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Celebrating fossil fuels as the world raises the climate alarm

In Louisville’s opulent Seelbach Hilton Hotel, officials from more than a dozen Southern states huddled up in a fossil fuel bubble that was meant to shield everyone in attendance from hundreds of thousands of voices around the globe demanding that countries reduce their greenhouse gas (GHG) emissions.

Kentucky Governor Matt Bevin, who currently chairs the Southern States Energy Board, was joined on stage by two other governors, Kevin Stitt of Oklahoma and Mark Gordon of Wyoming, to welcome the more than 100 lawmakers, state and federal bureaucrats, and representatives of the oil, gas and coal industries who attended the two day event that began on September 24.

The meeting was sponsored by oil, gas and coal companies and electric utilities—including American Electric Power, Duke Energy, Marathon and Phillips 66, as well as petrochemicals giant Koch Industries.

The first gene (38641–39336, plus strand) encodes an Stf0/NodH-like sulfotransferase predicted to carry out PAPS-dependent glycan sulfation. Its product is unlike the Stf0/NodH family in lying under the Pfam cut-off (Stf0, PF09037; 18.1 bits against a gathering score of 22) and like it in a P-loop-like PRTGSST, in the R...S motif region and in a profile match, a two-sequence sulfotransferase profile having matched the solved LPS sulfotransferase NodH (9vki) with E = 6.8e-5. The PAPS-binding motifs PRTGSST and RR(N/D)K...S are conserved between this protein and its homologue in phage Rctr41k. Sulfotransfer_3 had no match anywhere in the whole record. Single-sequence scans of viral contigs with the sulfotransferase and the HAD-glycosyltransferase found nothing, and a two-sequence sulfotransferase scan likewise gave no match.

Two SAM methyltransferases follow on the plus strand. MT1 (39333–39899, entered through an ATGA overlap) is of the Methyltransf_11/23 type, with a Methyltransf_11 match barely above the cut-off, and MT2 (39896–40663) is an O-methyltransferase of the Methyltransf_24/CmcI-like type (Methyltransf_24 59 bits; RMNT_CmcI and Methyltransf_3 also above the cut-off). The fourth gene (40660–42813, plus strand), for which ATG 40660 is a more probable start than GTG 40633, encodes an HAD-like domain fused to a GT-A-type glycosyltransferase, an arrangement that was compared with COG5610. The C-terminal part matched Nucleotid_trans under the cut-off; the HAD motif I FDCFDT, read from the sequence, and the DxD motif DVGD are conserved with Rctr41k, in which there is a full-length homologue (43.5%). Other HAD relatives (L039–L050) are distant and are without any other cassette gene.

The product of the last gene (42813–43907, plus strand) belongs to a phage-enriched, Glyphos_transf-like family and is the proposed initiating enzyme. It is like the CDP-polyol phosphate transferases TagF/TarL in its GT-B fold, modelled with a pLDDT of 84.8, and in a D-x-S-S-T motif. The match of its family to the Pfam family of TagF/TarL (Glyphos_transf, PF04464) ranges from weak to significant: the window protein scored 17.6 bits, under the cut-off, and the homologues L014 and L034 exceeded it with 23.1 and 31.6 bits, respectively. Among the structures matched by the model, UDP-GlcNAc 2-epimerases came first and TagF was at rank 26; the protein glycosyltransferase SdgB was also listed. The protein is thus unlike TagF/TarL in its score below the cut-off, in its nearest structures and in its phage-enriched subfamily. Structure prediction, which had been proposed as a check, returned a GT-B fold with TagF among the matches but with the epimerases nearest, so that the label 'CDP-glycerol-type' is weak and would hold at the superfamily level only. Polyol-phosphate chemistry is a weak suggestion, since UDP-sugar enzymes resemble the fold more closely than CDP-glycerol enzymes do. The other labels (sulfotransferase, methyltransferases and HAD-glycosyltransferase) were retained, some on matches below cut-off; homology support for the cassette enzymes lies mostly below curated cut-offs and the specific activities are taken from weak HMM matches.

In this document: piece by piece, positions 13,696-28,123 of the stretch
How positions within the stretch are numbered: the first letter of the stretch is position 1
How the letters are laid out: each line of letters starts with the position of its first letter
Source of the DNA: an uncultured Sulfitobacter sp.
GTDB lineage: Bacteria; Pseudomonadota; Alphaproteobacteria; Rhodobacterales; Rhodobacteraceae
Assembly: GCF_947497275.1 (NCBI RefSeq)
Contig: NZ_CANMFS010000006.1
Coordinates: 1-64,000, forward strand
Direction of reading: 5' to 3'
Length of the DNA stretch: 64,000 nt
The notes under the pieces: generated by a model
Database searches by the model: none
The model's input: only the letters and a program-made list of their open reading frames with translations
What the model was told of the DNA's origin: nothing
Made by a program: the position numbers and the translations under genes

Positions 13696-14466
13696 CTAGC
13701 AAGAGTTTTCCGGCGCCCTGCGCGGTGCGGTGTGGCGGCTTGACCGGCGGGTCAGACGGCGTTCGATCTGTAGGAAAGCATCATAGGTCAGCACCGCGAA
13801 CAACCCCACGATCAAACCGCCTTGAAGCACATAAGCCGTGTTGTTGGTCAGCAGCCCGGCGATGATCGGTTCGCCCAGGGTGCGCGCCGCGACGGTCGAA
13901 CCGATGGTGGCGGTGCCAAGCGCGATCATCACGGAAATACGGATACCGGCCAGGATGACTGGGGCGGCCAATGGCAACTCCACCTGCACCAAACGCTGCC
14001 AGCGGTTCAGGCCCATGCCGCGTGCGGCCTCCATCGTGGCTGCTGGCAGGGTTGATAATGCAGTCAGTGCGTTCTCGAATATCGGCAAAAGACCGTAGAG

Kentucky Governor Matt Bevins top energy advisor Chris Skates was heard to say he guessed he has helped emit millions of pounds of carbon dioxide in a 30-year electric utility career, adding “and I am damn proud of it.”

The main message throughout the two-day meeting was really simple: Ignore those children out there pushing to reduce greenhouse gas emissions and for states to do everything in their power to relax environmental regulations as much as possible while the fossil-fuel friendly Trump administration is still in power

Bevin, a Republican, was dismissive of 16-year-old Greta Thunberg, calling her “remarkably ill-informed.” Bevins, along with other pro-fossil fuel advocates speaking at the meeting tried to cast doubt on mainstream climate science, many of them saying they needed to get “their fossil fuel message into the schools to influence children.”

Written By

Karen Graham is Digital Journal's Editor-at-Large for environmental news. Karen's view of what is happening in our world is colored by her love of history and how the past influences events taking place today. Her belief in man's part in the care of the planet and our environment has led her to focus on the need for action in dealing with climate change. It was said by Geoffrey C. Ward, "Journalism is merely history's first draft." Everyone who writes about what is happening today is indeed, writing a small part of our history.

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